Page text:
Ross Chanin  Yeah, I mean, I think so. Artifact is impacted right as we’re. You know, thousands of other companies. So that’s kind of so Yes, and so. And to be clear for you, for folks listening. The impact was like we’re a depositor right where you know we have cash some of the amount of cash in a money market account. So in in a check account we’re not doing exotic things.  You know we’ve raised 5 million dollars to date like we’re not doing exotic things with your with your cash holdings of that. You know that amount of money in frankly, nor should founders be worrying about that. It’s a poor use of founder time. It’s like a cost. Innovation effectively in terms of Sb. Itself. Like you know, I can’t speak to the high level like kind of almost, like lock up of securities in like that. The bank kind of played with to kind of create, yield and a low interest Environment, You know that’s a money management issue at a very high level for a bank.  What I can speak to is that is, I think there are many incredible people at SVB. That are not. We’re not like, you know, dealing with those types of issues. And that SVB, you know, on this is a broken record at this point from folks in the early stage, you know, tech or innovation, ecosystem has played in a central role  right? And the glue that that supporting startups with different forms of financing when others weren’t around. And I think that’s going to be a loss. It’s also an opportunity for, like SVB’s new parent to kind of act quickly. And for even folks like First Republic who’s been negatively impacted to start, to be even more involved than first Republic already has been in this ecosystem, and then, of course, even the larger banks of the regional banks. So there’s opportunity right that exists there in terms of what occurred. Yeah, it’s. It’s a run of the bank. I think there are different ways that can be handled and the without the. In this case the fed stepping in again to not save the bank, to protect depositors, and also to shore up a larger financial risk, I think was pretty essential.  And I think that you know in this case that the Federal Government that could rejoin effectively.
Peter Ho  Yeah, no, that that’s fair upon. I mean SVB has done a lot of good things to the community and you actually are right in pointing out that there are bad decisions made at the top and certain group of people. But I mean that doesn’t, you know, negate the fact that there has been really good to the community for the last 30 years, or even longer. And there’s a lesson for the financial institutions as well as startups and all the community members here.  Now, Ross, I mean what I what things are keeping you up at night right now. Obviously, the macro environment is quite different. In fiscal year 23  interest rates are high and companies starting to lay off folks.  How does it impact what you are doing?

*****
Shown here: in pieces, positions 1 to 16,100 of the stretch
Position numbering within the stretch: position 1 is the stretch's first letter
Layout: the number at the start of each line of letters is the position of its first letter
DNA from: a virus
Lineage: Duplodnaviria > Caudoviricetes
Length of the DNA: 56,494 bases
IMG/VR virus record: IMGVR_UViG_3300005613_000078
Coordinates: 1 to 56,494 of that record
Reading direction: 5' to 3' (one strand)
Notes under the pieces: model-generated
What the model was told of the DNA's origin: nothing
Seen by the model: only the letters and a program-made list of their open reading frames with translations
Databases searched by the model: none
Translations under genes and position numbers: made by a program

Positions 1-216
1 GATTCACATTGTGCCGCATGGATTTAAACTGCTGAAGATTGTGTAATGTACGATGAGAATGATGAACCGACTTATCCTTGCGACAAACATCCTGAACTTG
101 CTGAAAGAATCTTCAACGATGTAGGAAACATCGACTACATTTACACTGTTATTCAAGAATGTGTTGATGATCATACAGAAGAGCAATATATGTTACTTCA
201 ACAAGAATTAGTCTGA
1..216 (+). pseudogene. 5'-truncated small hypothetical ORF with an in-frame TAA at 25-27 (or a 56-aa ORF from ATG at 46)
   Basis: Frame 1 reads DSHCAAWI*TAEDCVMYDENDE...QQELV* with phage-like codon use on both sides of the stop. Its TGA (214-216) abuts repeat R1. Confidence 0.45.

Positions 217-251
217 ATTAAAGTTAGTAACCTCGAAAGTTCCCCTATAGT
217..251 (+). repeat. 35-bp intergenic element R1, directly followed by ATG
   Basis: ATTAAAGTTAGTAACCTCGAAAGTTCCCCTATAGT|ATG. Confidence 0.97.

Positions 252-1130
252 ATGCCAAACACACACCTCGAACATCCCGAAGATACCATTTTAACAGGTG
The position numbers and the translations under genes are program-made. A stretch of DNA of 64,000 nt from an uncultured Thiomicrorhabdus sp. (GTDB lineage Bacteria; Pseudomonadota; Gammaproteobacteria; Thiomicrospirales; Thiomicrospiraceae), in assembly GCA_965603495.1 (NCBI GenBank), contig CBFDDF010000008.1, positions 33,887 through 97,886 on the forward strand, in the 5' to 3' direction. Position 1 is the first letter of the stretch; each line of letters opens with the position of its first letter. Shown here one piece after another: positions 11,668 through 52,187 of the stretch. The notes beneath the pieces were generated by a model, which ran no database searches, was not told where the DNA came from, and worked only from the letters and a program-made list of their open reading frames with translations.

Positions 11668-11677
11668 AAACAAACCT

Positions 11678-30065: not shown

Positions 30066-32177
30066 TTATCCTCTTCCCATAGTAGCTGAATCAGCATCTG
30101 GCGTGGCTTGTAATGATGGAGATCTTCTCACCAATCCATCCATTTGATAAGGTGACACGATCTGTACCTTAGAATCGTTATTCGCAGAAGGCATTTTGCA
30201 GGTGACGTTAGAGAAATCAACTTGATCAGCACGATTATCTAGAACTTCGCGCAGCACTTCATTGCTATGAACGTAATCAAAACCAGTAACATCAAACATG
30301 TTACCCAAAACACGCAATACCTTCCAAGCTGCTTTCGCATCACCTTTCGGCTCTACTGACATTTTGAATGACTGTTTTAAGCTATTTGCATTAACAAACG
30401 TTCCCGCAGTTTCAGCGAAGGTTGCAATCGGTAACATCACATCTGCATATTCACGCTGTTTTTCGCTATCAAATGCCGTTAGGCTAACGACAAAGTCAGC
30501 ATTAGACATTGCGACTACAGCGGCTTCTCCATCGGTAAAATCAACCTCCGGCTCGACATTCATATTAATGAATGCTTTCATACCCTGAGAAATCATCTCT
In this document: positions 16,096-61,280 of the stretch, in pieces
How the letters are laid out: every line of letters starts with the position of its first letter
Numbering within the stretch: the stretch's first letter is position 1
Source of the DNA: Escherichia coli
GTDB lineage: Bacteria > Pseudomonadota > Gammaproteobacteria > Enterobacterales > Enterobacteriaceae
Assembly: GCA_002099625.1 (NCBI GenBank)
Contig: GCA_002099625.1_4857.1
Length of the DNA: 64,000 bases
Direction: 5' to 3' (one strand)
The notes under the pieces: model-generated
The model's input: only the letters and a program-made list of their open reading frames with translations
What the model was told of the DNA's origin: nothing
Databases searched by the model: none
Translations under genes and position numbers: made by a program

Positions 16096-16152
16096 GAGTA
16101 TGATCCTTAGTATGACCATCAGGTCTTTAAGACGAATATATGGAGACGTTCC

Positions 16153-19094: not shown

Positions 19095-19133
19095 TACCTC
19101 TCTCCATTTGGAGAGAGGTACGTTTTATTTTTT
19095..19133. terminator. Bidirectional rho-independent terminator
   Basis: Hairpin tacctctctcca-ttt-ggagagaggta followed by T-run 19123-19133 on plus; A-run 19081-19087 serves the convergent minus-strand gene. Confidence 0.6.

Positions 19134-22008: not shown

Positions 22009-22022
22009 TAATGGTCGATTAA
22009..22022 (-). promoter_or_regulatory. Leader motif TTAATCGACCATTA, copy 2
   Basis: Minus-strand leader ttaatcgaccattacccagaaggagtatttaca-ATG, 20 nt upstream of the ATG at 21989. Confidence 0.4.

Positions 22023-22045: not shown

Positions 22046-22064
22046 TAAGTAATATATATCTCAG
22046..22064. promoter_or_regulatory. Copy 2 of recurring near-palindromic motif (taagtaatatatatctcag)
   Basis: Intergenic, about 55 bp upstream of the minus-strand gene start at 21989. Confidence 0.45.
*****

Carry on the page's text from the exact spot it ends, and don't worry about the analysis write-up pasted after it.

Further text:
Ross Chanin  Yeah, I mean, I we’ve built Artifact efficiently, and that’s my kind of ethos as a founder. So we don’t get over our skins in terms of our burn, or when we get profitable, like we’re like we, we. This is how I build, I build businesses, and so I. We are not ourselves like today, I would say impact. But by the Macro environment we have the resources, the team, the finance, the financing to make this to make Artifact really scale. And I mean we can make available to millions and millions of people. So that’s on us right. And so I actually like I don’t actually like have trouble sleeping, because I know that we have the team and the resources and the opportunity in front of us, and I feel lucky for it actually.  So I sleep well and get up early, because and again also like these things like when you try to scale it like that next level. Maybe it works, and maybe it doesn’t. That’s the that’s the nature of the beast that’s the thing that growth early in gross age companies are right, and I think, having comfort in that on. If in that in those question marks, and that and that uncertainty is not always easy to achieve. But if but that’s like that’s the goal that I think you know folks operating and building businesses, you know, if they could keep that close. It’s very helpful for me personally
Peter Ho That’s a great point and this is just about as much time as we have today. But I’m going to wrap with one final question, Ross.  This is not your first start up. Are there things that you learnt from your earlier experience that you find especially useful to what you’re doing today, that make you sleep better to the point you made earlier?
Ross Chanin I think so. It’s a very interesting question. They look. You learn many things along the way. I think the most important thing is you. It’s one thing to put something potentially powerful or meaningful into the world. and it’s another thing to do that in such a way that the bit like a business, and the business model can really scale.  And those 2 things do need to come together.  And I think earlier in my career I would want to like fight against that like when I say, oh, this is like amazing in this thing, and like, does it have to be this way and like it this point in my career. It’s an acknowledgment that actually the appropriate model is very much like the water in the air. That idea needs to breathe and they’re not. And so, you know, one is not to fit, you know not, you know, having just one of those 2 things. The actual like impactful thing in the model is not. It’s not sufficient. They both are. And so I don’t fight that anymore. I yeah, I accept that, and kind of like work within those ecosystems.  And so, you know not. All revenue is created equal in in any company.
Peter Ho Great. Thanks again, Ross. It has been a pleasure to have you on the show today, and I think the product is awesome and I’m certainly going to try it very soon, and so for all the listeners. The product is called Artifact, and I think everyone, every family can have the stories, you know done by professionals, and I think they’re really, to the family,  priceless. Thanks again, Ross.
Ross Chanin  Yeah, come, visit us at that’s h e y And Peter really appreciate you having me on the show. It’s been a pleasure.
Peter Ho  Thank you.